By Michael Braithwaite
I will never forget a cold like that. As I rode a bike that was on the brink of falling apart to find shelter on a bone-chilling night last March, I reached into my coat pocket to retrieve my water bottle to find it frozen solid. My partner Phil Dawson, East Gwillimbury's Fire & EMS Chief, and I had only been riding for less than hour. That's how cold it was.
Phil and I had been given a real-life scenario of a homeless youth as a part of 360°kids' 360°Experience. Our experience had us stepping into the shoes of a 16-year-old male, who was unsafe at home and had to leave quickly to save himself. "He" grabbed his old bike out of his family garage and rode away to hopefully find shelter for the night. So, there we were in -23° temperatures riding decrepit bikes 26 km to the group home that would hopefully take us.
For homeless youth, this is a very real situation they could find themselves in as money is scarce for better transportation options -- they make do with what they can. Much like the bikes homeless youth would ride, ours were constantly falling apart, so the ride that should have taken us an hour took up to four hours -- walking our bikes uphill to ride downhill without the chain attached.
The long ride and walk gave Phil and I a long time to talk. "I had no idea youth homelessness was even an issue in York Region," he told me at the beginning of the night.
As we made our journey, I pointed out all of the fields and open spaces in Richmond Hill and Markham that kids use as a place to crash when they don't have a home to go to. "I'll never look at these fields the same when I drive past them," Phil confessed as his teeth shivered. By the time we made it to the group home in Markham, we were both exhausted, and our night was not over.
We were reminded that many kids do this every night, without the option of calling it quits to walk into a warm home with hot breakfast awaiting them and a safe bed they can go to that night.
Like many youth have experienced, the group home was full. Phil and I were turned away from a safe and warm shelter for the night. We had no other options. We took advantage of the tarp and sleeping bags that the 360°kids' Outreach Team had left out, as they would if they saw evidence of youth sleeping outside there. Phil and I tried to be strategic, digging a pit to hopefully capture some of the earth's warmth. By the time we dug out the snow and climbed in, it was 3:00 a.m. and the wind chill dipped to -31°.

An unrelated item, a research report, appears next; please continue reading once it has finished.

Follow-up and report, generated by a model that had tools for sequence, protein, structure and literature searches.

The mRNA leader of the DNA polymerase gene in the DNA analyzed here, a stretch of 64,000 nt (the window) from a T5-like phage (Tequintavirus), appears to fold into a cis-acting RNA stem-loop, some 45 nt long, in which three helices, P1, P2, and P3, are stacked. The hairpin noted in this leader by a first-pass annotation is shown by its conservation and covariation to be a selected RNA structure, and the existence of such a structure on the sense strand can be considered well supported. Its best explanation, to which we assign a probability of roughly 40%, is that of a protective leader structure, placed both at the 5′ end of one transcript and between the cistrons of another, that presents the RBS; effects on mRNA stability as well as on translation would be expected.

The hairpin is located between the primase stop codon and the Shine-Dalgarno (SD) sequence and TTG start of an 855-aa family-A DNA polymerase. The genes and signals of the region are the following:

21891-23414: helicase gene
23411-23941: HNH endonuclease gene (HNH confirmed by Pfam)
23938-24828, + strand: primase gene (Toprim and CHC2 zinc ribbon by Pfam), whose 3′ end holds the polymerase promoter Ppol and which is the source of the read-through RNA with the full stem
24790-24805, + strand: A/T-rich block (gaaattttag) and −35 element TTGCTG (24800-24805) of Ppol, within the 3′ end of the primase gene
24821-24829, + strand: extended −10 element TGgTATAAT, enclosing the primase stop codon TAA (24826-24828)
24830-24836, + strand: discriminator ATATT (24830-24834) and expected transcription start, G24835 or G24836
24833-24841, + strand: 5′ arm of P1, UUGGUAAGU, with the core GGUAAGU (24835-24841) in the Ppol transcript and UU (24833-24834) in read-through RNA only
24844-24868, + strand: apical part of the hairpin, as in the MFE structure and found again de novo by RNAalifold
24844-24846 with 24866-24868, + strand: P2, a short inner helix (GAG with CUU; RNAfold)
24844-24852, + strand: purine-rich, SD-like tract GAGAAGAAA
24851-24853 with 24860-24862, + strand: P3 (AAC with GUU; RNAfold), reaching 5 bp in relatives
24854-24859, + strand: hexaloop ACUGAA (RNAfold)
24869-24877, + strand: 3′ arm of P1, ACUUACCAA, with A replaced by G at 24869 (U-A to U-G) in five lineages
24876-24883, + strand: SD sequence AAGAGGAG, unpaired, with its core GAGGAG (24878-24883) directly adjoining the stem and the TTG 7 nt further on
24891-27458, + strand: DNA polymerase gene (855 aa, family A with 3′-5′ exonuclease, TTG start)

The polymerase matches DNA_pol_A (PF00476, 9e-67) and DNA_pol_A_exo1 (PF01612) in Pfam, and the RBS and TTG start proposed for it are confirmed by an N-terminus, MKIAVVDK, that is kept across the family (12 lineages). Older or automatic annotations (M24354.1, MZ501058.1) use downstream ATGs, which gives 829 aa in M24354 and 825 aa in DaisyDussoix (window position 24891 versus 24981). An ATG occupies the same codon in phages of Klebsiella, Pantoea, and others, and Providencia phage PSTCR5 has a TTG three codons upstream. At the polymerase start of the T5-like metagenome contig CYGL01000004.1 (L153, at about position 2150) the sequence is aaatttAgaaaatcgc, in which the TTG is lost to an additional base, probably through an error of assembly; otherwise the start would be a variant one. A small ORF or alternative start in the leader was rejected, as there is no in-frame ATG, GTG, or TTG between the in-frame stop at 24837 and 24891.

I can't truly explain how exhausting, challenging and incredibly cold this night was. I tossed and turned trying to get warm, but finally at 5:30 a.m. I had the luxury of giving up.
That's not a choice homeless youth have.
At 6:00 a.m., the 360°Experience was over, and all the participants gathered at Home Base for a hot breakfast. We were asked if we could do the whole experience again the next night. Not one hand went up. We were reminded that many kids do this every night, without the option of calling it quits to walk into a warm home with hot breakfast awaiting them and a safe bed they can go to that night.
They are resilient. They go to school, tired and hungry. They are too embarrassed to tell their friends about their situation, so they change their clothes at gas stations or community centres, hoping others won't notice they "forgot" their lunches again.
That's when it really hits home - I make my two daughters lunch for school every day. What if I couldn't be there for them? Where would they go? How would they manage?
As we all went our separate ways after that morning, many heading home to sleep, others off to try and work for the day, we all knew that although it was only one night, our lives and how we look at youth homelessness would never be the same.
Michael Braithwaite is the Executive Director of 360°kids, a registered charitable organization that provides a variety of support services to children and youth throughout York Region. The organization is hosting its third annual 360°Experience this March, a night in which community members experience real-life scenarios of homeless youth to raise awareness and funds.
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